• 12:12

      he takes every single policy that he talks aboutand frames it-- he wraps it-- in this ideathat we are fighting the Soviets for the future of the worldand he calls it the "New Frontier."He is uniquely positioned to talk about hopebecause he's young.He's energetic.And he's running against someone who has been in the White House

    • 12:35

      as Vice President, has been in the administration,for a long time.So his opponent is stuck, if you will, in the past and Kennedyis looking toward the future.In 1968, Richard Nixon does something similarfocusing on the nation's fears about crime and safety.And he's able to leverage what's a very lopsided issue--

    • 12:59

      people's fear for their safety in their communities--to his advantage.And in 1976, Jimmy Carter does the same thingand he runs as a Washington outsider.He's running against Gerald Ford whois just about as inside the Beltway as a candidate can get.He was nominated to the Vice Presidency

    • 13:20

      and then assumed the Presidency, makinghim just a Beltway regular.And Carter sees that and exploits that.People were ready for someone newafter the Watergate scandal, after Vietnam, and thenafter the pardon of Richard Nixon.So if you don't believe me-- I said this was really hard--and I want to talk about one example of someone who tried

    • 13:44

      unsuccessfully to do this.In 1964, Barry Goldwater ran on the ideathat just a little bit of nuclear power was enough.He said, "I want to lob one--" meaning a nuclear bomb,"into the men's room of the Kremlinand make sure that it hits."He said he wanted to disabuse Americans

    • 14:05

      of their fear of the word nuclear.So he managed to reset the election off of the economyand onto this idea of nuclear war,but he wasn't closer to most voterson this lopsided issue than his opponent.In fact, in 1964 most people thoughtthat World War III would happen in their lifetime

    • 14:25

      and that they would die in it.So he refocused the election off of the economy on to warbut helped his opponent in the process.It was something he believed in.In his memoirs, he writes that if he had thought about it--he says, "If I'd had a dime's worth of sense,I would have realized I had lost the election right there."But sometimes candidates, when they're drawing up

    • 14:46

      campaign plans, they do fall back on what they believe in,and what they think is right, and what'sgoing to be best for the future of the nation.And sometimes that strategy falls to the wayside.So, can you beat an incumbent in a growing economy?

    • 15:07

      Yes you can, but it's very, very hard.Campaigns and campaign messages do matter,but the economy sets the stage.Think of it as a tug of war, both sides pulling really hard.All the money they're spending keeps the race in equilibriumand keeps those messages out there,but at the end of the day, one of these candidates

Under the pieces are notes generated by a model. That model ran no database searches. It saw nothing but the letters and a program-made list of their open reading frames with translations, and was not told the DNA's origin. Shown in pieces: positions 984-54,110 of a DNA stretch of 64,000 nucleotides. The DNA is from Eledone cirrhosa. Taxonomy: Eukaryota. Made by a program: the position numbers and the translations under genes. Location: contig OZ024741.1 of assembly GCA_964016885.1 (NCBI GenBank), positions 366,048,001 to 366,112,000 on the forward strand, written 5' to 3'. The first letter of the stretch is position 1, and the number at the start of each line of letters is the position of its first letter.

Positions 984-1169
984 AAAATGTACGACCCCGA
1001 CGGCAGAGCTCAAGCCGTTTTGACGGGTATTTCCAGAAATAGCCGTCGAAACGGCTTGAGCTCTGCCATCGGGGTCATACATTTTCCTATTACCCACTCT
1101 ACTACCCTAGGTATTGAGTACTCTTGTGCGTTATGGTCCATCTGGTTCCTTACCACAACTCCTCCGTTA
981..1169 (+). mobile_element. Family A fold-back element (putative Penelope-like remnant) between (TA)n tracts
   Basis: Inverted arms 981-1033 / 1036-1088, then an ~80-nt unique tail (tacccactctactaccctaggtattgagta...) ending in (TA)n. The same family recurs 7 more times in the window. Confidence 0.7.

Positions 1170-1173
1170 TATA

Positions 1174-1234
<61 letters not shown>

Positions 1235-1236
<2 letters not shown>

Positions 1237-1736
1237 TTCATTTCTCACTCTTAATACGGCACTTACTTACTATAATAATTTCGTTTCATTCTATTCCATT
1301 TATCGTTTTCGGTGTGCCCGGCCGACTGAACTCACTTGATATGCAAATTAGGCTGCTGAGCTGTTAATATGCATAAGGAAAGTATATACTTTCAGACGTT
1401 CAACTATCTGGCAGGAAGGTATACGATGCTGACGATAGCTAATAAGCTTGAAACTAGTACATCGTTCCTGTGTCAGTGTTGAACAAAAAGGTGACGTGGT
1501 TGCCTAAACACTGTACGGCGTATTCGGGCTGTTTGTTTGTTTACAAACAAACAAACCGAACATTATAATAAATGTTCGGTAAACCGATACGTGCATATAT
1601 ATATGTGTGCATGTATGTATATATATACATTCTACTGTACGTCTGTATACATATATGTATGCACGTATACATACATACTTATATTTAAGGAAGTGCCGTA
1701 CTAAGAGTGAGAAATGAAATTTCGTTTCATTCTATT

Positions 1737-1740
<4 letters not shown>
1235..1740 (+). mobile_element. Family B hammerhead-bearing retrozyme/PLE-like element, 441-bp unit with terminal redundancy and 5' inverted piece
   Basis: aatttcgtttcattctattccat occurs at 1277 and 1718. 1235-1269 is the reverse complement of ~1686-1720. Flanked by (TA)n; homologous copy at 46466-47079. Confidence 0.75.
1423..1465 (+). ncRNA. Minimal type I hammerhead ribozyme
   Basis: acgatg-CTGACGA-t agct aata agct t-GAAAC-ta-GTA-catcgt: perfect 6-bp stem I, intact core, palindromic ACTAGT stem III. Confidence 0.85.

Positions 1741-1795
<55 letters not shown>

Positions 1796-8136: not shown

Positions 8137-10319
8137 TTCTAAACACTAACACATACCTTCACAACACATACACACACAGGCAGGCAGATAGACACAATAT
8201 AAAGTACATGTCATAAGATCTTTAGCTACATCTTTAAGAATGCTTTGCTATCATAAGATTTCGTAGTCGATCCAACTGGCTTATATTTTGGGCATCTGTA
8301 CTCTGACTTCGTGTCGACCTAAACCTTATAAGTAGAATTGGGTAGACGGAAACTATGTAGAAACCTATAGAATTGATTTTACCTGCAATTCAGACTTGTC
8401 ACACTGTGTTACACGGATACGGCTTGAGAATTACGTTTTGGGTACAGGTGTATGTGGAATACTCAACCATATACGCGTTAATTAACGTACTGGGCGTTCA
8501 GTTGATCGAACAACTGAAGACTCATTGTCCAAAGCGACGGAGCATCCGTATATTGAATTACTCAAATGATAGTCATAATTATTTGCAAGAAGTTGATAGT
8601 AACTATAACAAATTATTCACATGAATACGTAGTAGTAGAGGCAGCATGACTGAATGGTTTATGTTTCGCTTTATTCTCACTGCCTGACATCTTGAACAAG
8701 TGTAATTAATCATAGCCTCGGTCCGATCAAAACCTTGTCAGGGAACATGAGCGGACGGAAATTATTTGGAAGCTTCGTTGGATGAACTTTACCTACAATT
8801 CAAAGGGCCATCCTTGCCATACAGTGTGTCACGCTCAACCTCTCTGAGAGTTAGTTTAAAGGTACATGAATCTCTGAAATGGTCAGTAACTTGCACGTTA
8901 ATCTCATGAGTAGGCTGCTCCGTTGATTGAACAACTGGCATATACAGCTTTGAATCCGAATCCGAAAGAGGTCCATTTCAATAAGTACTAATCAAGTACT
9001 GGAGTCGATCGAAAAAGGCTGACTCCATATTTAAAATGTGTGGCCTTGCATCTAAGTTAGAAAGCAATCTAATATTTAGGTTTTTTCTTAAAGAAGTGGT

• 15:28

      has a structural advantage.And you can figure out which one by lookingat the change in growth in the six monthsbefore the election year.So, here are some things that youmight want to think about as you consider the informationthat we've covered today.First, if the economy is such a good predictor of which party

    • 15:50

      will win the presidency, why do candidates campaign at all?In other words, what if you were advantaged by the economyand you just sat at home and did nothing?Would you still win?Second, what criteria define a winning messagefor candidates who don't benefit from the state of the nation'seconomy?Those three things we talked aboutare critical in winning if you're not

    • 16:11

      advantaged by the economy.And then finally, does it matter who the candidates are,or could the parties nominate anyone they wantand end up with the same outcome?And a little tip here, this questionalso draws on those three criteriaof non-winning messages.Because remember, one of the important thingsis the constraint that your opponent faces.

    • 16:33

      So it might not seem like the candidates matter,but if you think about it I bet youcan figure out the way they do.If you're interested in these topicsand want to read more about messaging and presidentialcampaigns, I can recommend to youthe book I wrote from which all this information is drawn.It's called The Message Matters.I also wrote a book on the 2012 electioncalled The Gamble, which will go through how the economy

    • 16:54

      structured the 2012 outcome.And then if you want to read more abouthow regular and stable these outcomes are,and the moments in the campaign leading up to the outcomes,I can recommend to you a book by Chris Wlezienand Bob Erikson called The Timeline of PresidentialCampaigns.

The Fundamentals of Presidential Elections

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Professor Lynn Vavreck explains that the state of the national economy is a reliable predictor of whether the incumbent or challenger will win a presidential election. She then highlights exceptions to this rule and demonstrates how challengers overcame their disadvantage.

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The Fundamentals of Presidential Elections

Professor Lynn Vavreck explains that the state of the national economy is a reliable predictor of whether the incumbent or challenger will win a presidential election. She then highlights exceptions to this rule and demonstrates how challengers overcame their disadvantage.